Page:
October through February is considered the best time to visit Ireland. It is famed for its natural beauty. Ireland has three confirmed World Heritage Sites and more are underway. Dublin is bustling with life and has many attractions and the Book of Kells (Trinity College) leads that list. Other attractions include Cliffs of Moher, Glendalough, Clonmacnoise, Burren, Ring of Kerry, Lakes of Killarney, Blarney Castle, etc. The many castles, monasteries, churches, ruins, stately homes, and towers positioned strategically is very encouraging for visitors to engage in a road trip. Scuba diving, surfing, golf, hiking, angling, and fishing are some of the popular activities enjoyed here. Irish cuisine is mostly based on dairy, cabbage, potato, and meat. Watering holes are aplenty and serves the Irish Guiness with pride.
|Resource||ISBN or ASIN||Best Price||Description|
|Ireland Eyewitness Travel Guide||978-0756669492||$17||The essential guide when traveling in Ireland!|
|Michelin Map Ireland||978-2067122963||$9||1:400,000 scale. City maps of Dublin and Belfast.|
|Streetwise Dublin Map||978-1931257381||$8||Main Dublin Map at 1:16,000 scale. Temple Bar Map at 1:7,500 scale, and Dublin Area Map at 1:16,000 scale.|
|Universal World Wide Adapter Charger Plug||B001MGUB9Q||$4|
The first stamps of Ireland were released on February 17, 1922. They were overprints on British stamps and the overprint read “Provisional Government of Ireland” in Irish. The set (Scott #1 to #8) catalogs for around $50 mint and around $100 used. These were followed by a number of other overprints on British issues throughout the year. The first original issues were a set of twelve stamps released between 1922 and 1923. The set (Scott #65 to #76) catalogs for around $80 mint or used. The designs show Sword of Light, Map of Ireland, Coat of Arms, and the Celtic Cross. Sword of Light is from Irish folklore about the story of King of Ireland’s son’s adventures finding Fedelma, his sweetheart who was kidnapped by the King of the Land of the Mist. Celtic cross is a symbol that combines a cross with a ring surrounding the intersection. Most of the high crosses spread across Ireland have the distinctive shape of the ringed cross.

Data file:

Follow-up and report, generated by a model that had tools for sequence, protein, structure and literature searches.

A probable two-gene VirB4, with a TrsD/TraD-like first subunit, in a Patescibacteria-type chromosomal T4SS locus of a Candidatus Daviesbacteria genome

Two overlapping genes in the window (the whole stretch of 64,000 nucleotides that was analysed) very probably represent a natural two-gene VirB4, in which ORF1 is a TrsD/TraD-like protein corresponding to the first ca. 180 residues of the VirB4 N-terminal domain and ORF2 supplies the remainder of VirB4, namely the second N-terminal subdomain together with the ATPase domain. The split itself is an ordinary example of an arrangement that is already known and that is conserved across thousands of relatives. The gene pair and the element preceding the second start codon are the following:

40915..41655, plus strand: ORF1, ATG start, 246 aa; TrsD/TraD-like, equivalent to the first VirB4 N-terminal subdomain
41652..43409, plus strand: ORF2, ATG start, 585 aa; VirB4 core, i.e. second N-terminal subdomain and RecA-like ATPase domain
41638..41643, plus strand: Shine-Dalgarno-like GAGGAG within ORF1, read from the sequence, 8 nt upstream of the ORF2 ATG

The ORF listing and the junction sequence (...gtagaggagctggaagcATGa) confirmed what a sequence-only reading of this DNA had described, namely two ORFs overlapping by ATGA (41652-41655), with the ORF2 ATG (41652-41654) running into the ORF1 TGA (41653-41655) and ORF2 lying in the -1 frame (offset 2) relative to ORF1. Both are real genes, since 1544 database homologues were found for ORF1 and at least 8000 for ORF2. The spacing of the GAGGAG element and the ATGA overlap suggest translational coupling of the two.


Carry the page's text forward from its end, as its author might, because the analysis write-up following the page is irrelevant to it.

Other issues of Ireland enjoying good philatelic interest include:
- A set of three stamps released on June 22, 1929 to mark the Centenary of the Catholic Emancipation of Ireland. The set (Scott #80 to #82) catalogs for around $12 MNH and $20 used. The design shows a portrait of Daniel O’Connell. O’Connell, known as The Liberator was an Irish leader who campaigned for Catholic Emancipation. The Catholic Relief Act of 1829 removed many restrictions on Roman Catholics in the United Kingdom. So, that year is considered marking Catholic Emancipation in the United Kingdom.
- A set of three stamps released on September 8, 1937in the Saint Patrick and Paschal Fire theme. The set (Scott #96 to #98) catalogs for around $700 MNH and $235 used. Saint Patrick is the most recognized patron saint of Ireland. March 17th is celebrated as Saint Patrick’s Day throughout Ireland and the rest of the world.
- A set of two stamps released on September 19, 1960 in the Europa common design type. The set (Scott #175 to #176) is rare and catalogs for around $140 MNH and $30 used. The design shows the Symbolic Wheel. Europa stamps represent the members of the European Conference of Postal and Telecommunications Adminstrations (CEPT). In 1960, CEPT had 19 members including Ireland. The letter O of the word Europa is a Roman mail-coach wheel with 19 spokes, one for each 1960 member of CEPT. Ireland has released several other Europa stamps over the years and they form a good collectible theme.